Just returned after leaving the blog for weeks. Another one of those instances where I just lost the appetite to post partly because of other tasks that presented themselves—family, work and sideline.
The deadline for the book I am writing (history of Tudela town) just passed with me still stuck in Chapter 4 of a seven chapter job. It’s becoming a burden, but I have to finish it. So this blog got affected.
I could not help but be amused by the exchange between Lucy, Renie and my good friend “Babes.” I thought everything here got stalled when I was away. But there was this three keeping the blog afloat. My good friend even wrote a kilometric comment. But then again she’s a writer.
Discussing one’s beliefs often churns emotions, that’s why I often let it go. I was once a full-time Marxist and passed that stage when I would challenge the religious among my friends in a lively exchange on God. I thought I was an atheist until I was arrested for the second time in 1988 (the first time was in 1987).
It was like this: After I was subjected to intense grilling for a day or two (was it more?), largely without sleep, I was left alone in a pelota court. Courts like this have lines on the wall to delineate the area where the ball should be allowed to bounce.
In this particular court the line, about four inches thick, was red. I was strapped on a chair near it, with the lights on. It was a time of uncertainty, when I didn’t know I would live for another day. I had promised to myself that if ever I would survive I would attend Sunday masses again.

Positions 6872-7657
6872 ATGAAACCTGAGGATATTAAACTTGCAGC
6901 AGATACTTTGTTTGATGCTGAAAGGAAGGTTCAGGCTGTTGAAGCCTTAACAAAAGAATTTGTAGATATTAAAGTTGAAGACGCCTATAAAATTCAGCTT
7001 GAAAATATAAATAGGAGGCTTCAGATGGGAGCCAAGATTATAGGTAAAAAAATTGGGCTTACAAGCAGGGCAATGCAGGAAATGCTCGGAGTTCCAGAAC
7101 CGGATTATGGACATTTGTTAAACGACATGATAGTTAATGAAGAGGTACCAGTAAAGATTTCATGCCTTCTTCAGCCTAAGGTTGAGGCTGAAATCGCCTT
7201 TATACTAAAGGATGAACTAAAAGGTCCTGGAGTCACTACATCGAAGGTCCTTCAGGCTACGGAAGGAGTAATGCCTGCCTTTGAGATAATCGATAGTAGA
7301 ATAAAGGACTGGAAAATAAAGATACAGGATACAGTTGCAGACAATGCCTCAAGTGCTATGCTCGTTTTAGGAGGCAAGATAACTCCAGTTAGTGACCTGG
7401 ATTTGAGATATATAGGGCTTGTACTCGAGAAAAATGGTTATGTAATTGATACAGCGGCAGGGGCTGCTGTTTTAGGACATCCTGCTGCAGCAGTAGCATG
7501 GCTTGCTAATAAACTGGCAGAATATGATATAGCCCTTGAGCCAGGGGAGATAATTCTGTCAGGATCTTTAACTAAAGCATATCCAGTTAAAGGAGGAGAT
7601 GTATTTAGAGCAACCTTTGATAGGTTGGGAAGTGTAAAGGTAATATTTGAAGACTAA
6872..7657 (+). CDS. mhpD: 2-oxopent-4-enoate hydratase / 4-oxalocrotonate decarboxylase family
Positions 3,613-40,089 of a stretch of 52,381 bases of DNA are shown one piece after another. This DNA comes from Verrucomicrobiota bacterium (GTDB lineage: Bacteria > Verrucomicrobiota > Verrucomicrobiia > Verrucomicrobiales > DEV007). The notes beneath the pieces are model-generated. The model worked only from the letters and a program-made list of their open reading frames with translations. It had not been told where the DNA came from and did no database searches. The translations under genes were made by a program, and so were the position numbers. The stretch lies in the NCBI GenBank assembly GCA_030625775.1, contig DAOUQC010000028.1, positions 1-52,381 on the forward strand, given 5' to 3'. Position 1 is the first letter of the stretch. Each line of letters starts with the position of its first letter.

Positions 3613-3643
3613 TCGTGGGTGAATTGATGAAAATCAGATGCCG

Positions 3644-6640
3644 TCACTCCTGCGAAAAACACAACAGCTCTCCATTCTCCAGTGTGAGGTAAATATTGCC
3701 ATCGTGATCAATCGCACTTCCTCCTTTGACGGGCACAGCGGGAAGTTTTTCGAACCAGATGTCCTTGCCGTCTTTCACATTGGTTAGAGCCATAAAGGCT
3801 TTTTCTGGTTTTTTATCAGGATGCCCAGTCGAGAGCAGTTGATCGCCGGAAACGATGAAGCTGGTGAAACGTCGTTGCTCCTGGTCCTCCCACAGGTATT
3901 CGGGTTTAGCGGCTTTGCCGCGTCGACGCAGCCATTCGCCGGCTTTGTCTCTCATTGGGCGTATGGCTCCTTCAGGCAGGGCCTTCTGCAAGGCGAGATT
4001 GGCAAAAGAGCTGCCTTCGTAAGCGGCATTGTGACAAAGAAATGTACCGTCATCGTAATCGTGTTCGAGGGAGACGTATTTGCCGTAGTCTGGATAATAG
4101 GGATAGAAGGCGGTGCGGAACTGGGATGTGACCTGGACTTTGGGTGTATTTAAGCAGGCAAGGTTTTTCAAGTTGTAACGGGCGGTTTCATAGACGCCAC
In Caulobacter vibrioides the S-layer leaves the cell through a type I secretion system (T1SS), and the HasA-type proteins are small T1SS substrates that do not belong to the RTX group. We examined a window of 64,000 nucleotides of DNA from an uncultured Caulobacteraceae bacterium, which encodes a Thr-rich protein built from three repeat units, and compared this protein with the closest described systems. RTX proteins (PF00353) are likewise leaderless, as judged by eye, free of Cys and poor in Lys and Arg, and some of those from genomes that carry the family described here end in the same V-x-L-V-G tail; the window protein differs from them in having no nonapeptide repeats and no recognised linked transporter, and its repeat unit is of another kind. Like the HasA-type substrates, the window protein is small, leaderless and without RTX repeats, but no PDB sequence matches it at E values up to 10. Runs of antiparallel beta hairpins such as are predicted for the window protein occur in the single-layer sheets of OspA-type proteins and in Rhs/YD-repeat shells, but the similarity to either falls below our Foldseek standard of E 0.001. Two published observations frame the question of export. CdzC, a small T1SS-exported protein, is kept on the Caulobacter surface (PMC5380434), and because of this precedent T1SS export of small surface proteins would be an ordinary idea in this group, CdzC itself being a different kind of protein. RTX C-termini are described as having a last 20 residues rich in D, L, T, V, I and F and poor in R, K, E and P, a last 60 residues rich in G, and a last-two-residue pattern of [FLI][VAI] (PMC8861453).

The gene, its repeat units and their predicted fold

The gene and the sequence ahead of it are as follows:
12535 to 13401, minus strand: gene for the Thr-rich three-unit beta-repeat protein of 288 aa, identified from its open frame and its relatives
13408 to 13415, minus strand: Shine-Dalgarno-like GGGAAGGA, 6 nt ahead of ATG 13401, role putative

Now the red line had small parts where the paint had started to peel off. As I stared at one of these areas, I made out the face of Jesus Christ, or the usual image we have of Him: long hair, beard and all. I closed my eyes and tried driving the image away, but it was still there when I stared at the spot again.
One can say I was seeing things, and I would agree, although grudgingly. I remember the moment I was grabbed and blindfolded and muttering, “patay na ko ani.” At that very instance I asked myself what would happen when a man dies. In times of uncertainty, you hold on to a power greater than you. To your God.
Months later, when the worst had passed, I remembered that episode at the pelota court. I got back there, placed a chair near the wall where the red line was and sat. I tried making out the same image I saw nights before and couldn’t do it. It must have been a once-in-a-lifetime thing.
If you ask me now, I will tell you I believe in God. I live my life based on that belief, and making sure my family is imbued and guided by it. I am raising my kids as believers, hoping that they would be strengthened by that belief. It is the only way I think that they would survive this dog-eat-dog world.
But I no longer talk much about that belief with other people. For me, believing is enough.